• Buddhism, Money, and the Recession: Where to Invest? Paid Member

    I recently came across an interview on the BBC website in which  Tibetan-Buddhist nun Lama Zangmo, living in London, speaks about the virtues of having no material possessions: More »
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    Enough talk, it's time to save the whales—again. Paid Member

    This blog has been full of whale talk lately, and whatever our differences, I think most of us agree that it's time to do something to save our mammalian kin. I've just received this and want to share it with you—the Whaling Commission is to hold a final vote to legalize commercial whale hunting, and here's your chance to do something about it. Or, read the letter from below and help them meet their goal of garnering one million signatures (as of this writing, they are at over 900,000): Dear friends, More »
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    Remember that you will die Paid Member

    As a compliment to their Summer exhibit entitled "Remember That You Will Die: Death Across Cultures," the Rubin Museum---in partnership with online magazines Killing the Buddha and Obit Magazine---is sponsoring an essay contest under the same name. Participants are encouraged to visit the Rubin's exhibit---or peruse the online photo gallery---and then write an article inspired by what they have seen. From the Rubin's website: More »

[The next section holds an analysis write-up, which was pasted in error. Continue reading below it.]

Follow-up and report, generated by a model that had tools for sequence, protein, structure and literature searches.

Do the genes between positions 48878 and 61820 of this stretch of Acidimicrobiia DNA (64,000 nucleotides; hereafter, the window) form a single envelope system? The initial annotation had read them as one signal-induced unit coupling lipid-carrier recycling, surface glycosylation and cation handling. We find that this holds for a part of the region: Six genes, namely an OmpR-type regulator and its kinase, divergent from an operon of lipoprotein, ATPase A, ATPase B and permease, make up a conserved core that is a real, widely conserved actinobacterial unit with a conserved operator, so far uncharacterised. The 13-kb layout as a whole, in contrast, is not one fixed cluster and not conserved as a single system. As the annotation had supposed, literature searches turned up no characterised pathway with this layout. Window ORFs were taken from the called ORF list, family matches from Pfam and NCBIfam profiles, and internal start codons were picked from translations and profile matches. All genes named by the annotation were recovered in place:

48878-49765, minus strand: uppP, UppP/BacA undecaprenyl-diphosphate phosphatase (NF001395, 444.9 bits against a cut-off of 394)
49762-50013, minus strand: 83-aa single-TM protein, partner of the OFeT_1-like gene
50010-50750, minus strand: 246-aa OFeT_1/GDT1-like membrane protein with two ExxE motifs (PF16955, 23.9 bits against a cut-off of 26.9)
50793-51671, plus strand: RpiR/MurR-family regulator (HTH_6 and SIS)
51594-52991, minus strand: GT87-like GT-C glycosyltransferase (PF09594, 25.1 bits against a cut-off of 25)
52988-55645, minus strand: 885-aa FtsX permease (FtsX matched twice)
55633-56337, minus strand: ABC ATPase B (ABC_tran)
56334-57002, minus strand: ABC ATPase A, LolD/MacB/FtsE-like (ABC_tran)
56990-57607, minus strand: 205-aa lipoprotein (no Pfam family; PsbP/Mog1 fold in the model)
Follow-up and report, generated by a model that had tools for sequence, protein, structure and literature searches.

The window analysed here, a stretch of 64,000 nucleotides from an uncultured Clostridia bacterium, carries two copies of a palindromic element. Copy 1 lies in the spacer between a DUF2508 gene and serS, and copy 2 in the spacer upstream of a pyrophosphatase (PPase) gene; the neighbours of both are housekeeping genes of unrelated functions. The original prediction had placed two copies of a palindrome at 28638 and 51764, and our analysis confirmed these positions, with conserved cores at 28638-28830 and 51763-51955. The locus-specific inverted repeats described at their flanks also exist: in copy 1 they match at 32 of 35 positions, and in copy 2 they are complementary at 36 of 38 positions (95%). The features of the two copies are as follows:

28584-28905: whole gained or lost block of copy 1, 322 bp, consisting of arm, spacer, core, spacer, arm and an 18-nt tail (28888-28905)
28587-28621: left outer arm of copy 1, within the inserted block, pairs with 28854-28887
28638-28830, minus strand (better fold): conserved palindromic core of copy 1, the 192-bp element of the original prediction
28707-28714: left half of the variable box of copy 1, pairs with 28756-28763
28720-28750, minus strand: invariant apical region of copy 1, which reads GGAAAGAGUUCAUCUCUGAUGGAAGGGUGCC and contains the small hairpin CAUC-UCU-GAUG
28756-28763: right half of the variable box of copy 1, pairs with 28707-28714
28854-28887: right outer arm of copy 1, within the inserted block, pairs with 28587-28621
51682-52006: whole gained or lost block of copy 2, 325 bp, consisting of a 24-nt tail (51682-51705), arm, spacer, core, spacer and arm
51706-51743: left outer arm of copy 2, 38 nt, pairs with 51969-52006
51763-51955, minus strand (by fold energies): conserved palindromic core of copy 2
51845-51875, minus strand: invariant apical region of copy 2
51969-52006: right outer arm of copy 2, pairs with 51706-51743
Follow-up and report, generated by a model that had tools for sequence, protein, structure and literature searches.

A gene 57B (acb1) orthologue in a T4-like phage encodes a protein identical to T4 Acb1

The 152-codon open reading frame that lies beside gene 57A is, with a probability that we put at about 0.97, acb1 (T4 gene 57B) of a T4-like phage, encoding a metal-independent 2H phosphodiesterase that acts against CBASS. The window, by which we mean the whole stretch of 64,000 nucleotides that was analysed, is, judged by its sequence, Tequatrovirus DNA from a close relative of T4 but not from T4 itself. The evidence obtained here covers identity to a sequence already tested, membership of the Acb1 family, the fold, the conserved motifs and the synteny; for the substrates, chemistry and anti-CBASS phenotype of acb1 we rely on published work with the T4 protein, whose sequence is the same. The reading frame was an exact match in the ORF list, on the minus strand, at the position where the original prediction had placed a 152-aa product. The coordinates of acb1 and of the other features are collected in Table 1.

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    Yeats's Birthday Paid Member

    Since yesterday was Bloomsday I thought today would be a good day to commemorate another Irish writer who was interested in Buddhism for a moment, though the moment was admittedly brief. Sunday was William Butler [W.B] Yeats’s birthday. One the books that first sparked Yeats’s interest in spirituality was about esoteric or Vajrayana Buddhism. He read D.T. Suzuki’s Essays in Zen Buddhism and received every copy of the journal Eastern Buddhist until his death. While Buddhism never featured prominently in his poetry or plays, his works were deeply shaped by Irish folklore, mysticism, and religious traditions. These poems helped forge a sense of Irish national identity in the years before the revolution.  His 1892 poem, 'The Lake Isle to Innisfree' begins: More »
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    Russian envoy: No visa for Dalai Lama Paid Member

    The Dalai Lama had planned to visit Russia, where three republics—Kalmykia, Buryatia and Tuva—have significant Buddhist populations. According to Taking a U-turn from his reported affirmation of Dalai Lama’s visit to Russia, Russian ambassador to India, Alexandr Kadakin has assured China that the Tibetan leader will not be granted visa... More »
  • Happy Bloomsday! Paid Member

    All of the narrative action in James Joyce's monsterpiece of a novel Ulysses takes place on a single day—June 16, 1904—to commemorate the day that Joyce met his wife, Nora Barnacle. Today, fans of the book celebrate that date as Bloomsday. More »